The IMF report goes on to explain that this exposure is subject to exchange rate risk – and that as is not the case with most other PPAs, the government has also guaranteed against construction and hydrology risks (up to $30m for the former, uncapped for the latter).

A leaked contract dated June 2017 between the government of Georgia and JSC Nenskra Hydro casts further doubt over the project’s financial viability.

Bankwatch ran an analysis of the contract shortly after it was leaked. It found that the government will be locked into paying an electricity tariff that is double the current domestic and import rate for 36 years and triple the export rate, running at a loss of $60m per year.

“We are struggling to understand why the government would sign an agreement that is so blatantly against the national interest,” said Dato Chipashvili, Bankwatch’s national campaigner for Georgia. “It seems their main priority is putting together a bankable deal for investors.”

A case for the Nenskra Hydropower Plant

Minister Tvalabeishvili maintains the project is a key part of his country’s long-term energy independence strategy. “Nenskra HPP is a vital project for Georgia,” he says.

According to a report by the International Finance Corporation, Georgia has an energy supply gap. In the summer months, the country’s generators produce more energy than the country demands. In the winter, Georgia cannot supply all the energy the country needs. It makes up for the shortfall by importing electricity.

Currently, Russia supplies 9.8 percent of Georgia’s wintertime electricity. This creates a significant political and strategic risk for Georgia, particularly in light of previous conflicts such as the energy crisis of 2006, where Russia sabotaged a natural gas transmission pipeline, plunging Georgia into darkness for almost two weeks.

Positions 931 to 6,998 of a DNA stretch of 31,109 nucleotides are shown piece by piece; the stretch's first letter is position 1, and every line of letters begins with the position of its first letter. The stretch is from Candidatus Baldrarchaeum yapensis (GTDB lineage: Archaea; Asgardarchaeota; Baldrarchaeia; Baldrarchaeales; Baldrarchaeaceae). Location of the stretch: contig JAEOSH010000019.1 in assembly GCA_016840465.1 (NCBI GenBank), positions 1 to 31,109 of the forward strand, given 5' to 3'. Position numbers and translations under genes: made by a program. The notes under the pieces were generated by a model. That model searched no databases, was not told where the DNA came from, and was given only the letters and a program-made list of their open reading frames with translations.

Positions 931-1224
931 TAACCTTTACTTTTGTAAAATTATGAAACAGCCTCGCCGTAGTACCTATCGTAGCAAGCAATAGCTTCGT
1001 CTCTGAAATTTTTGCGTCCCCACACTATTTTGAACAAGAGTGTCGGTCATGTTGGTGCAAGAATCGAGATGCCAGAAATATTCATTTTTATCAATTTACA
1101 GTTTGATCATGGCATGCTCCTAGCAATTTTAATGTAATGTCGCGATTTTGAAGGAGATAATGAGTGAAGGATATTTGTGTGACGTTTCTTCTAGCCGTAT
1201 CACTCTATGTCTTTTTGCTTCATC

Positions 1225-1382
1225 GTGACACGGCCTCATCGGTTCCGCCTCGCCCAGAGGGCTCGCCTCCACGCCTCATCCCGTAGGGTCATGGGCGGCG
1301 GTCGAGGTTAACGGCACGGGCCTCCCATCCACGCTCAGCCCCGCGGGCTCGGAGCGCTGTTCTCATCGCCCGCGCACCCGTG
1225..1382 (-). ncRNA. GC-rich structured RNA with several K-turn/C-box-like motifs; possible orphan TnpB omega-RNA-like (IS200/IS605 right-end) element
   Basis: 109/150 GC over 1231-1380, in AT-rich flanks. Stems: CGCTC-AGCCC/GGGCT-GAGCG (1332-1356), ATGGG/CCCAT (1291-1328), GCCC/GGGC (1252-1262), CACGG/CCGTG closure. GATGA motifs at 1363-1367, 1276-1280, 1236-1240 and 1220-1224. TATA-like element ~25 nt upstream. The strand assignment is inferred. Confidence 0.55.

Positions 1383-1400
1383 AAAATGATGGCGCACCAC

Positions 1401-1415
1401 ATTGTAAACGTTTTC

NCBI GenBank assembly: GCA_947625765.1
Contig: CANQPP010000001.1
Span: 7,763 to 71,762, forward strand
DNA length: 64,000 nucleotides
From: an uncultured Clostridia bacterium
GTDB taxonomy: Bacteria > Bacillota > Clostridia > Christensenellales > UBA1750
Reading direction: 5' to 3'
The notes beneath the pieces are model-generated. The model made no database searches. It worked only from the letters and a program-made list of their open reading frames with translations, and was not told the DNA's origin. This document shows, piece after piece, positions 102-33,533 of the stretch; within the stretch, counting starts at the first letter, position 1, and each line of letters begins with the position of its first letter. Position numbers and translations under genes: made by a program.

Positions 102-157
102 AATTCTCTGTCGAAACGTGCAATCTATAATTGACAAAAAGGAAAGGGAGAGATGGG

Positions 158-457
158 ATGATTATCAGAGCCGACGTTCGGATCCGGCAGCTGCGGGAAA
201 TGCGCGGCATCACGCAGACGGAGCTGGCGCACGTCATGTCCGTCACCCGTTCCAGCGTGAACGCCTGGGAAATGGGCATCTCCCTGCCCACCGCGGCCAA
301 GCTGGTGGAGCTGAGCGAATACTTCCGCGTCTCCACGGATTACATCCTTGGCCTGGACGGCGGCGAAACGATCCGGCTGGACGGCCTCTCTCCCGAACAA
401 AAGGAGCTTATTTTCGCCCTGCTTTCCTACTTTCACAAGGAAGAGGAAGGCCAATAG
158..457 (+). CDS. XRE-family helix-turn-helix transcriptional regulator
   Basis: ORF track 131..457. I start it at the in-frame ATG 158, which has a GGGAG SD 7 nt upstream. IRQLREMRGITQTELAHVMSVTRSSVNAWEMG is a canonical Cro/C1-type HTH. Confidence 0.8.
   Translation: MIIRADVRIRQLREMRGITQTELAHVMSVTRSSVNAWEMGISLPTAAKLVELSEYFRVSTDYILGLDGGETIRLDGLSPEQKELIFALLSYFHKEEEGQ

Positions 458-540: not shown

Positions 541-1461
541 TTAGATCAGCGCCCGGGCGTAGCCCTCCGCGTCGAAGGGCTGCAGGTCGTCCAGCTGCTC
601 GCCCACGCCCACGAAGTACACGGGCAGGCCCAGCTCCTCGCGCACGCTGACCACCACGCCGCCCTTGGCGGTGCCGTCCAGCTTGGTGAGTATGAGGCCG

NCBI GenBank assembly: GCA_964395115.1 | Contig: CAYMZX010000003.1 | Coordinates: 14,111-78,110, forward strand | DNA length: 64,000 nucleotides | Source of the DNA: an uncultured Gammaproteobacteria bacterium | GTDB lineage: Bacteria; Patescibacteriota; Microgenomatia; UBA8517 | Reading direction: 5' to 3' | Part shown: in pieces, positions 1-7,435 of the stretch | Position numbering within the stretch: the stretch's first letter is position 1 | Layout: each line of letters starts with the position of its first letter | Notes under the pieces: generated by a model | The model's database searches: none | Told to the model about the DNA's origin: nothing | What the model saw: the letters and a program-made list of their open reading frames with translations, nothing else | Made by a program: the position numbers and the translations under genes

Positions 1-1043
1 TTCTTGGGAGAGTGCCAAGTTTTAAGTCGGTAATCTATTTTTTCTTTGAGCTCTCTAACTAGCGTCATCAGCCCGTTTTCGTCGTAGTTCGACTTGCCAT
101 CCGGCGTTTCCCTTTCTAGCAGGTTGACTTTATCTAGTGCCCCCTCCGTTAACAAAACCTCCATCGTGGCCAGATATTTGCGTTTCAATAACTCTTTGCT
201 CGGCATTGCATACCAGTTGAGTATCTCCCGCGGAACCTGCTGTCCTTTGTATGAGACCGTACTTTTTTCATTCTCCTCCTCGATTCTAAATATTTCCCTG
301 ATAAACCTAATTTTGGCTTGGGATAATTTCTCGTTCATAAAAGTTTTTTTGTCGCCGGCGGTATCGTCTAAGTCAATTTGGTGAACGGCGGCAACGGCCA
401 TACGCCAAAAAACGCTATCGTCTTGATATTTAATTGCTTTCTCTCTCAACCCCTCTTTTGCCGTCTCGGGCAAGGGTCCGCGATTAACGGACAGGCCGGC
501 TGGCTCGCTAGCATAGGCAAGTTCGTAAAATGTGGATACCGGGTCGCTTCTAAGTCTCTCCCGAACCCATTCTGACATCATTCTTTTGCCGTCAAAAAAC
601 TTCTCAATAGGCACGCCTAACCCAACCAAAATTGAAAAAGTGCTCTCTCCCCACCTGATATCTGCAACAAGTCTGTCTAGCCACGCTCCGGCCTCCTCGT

According to energy researcher Murman Margvelashvili, “These developments have indicated a serious need for strengthening Georgia’s energy security and urged the actions for diversifying energy supply sources.”

Protecting a 7,000-year-old culture

“We love our place and do not want to be forced to leave,” says Lile Chkhetiani, a teacher in Chuberi, a small village located just 10km (6 miles) downstream from the Nenskra dam site.

Lile is among a group of activists fighting to get the Svan people officially recognised as an Indigenous population, a feat that could strengthen their case against the dam.

“The Svan people have their own language, they have their own culture and customs, their own holidays,” says Shivcharn S Dhillion, a professor of human ecology and managing director of Enviso, an environmental and social impact consulting firm that specialises in hydropower. He analysed the nearby Khudoni HPP in 2012, finding the government neglected to assess its potentially damaging effect on the region’s biodiversity, as well as the Svan people’s cultural heritage and traditional livelihoods.

“The Georgian government doesn’t want to recognise the Svan people as an ethnic minority because they will have to give them special favours,” he continued.

These “special favours” would include the transfer of land rights and increased safeguards to protect the Svan population. And the government’s controversial “eminent domain” legislation (the right to seize private property without consent) would likely be vetoed, making it harder to gain approval for large scale developments like Nenskra HPP.

Dhillion says that environmental impact assessments in Georgia are typically “very weak”.

In 2018, Bankwatch lodged complaints with the European Investment Bank (EIB), the European Bank for Reconstruction and Development and the Asian Development Bank. Bankwatch requested that they uphold the Indigenous peoples’ standards set in their own charters.

In May 2020, the EIB’s complaint mechanism responded with a conclusions report. It stated that the EIB, which committed $150m to Nenskra HPP, failed to properly assess whether the Svans qualify as an Indigenous population. It also recommended commissioning a qualified social scientist to reassess this matter.

But it is, of course, just a recommendation, and at this stage, it is unclear what course of action the EIB will take. And with the government still fully committed to the project, it looks as though the Svans’ plight still hangs in the balance.

“I think people are afraid, really,” says Dhillion. “I would use the word afraid. And it has impacts on the social fabric of a community.”

That is why Nargis promises to keep fighting. “I won’t sit back and watch a 7,000-year-old culture go underwater,” she says.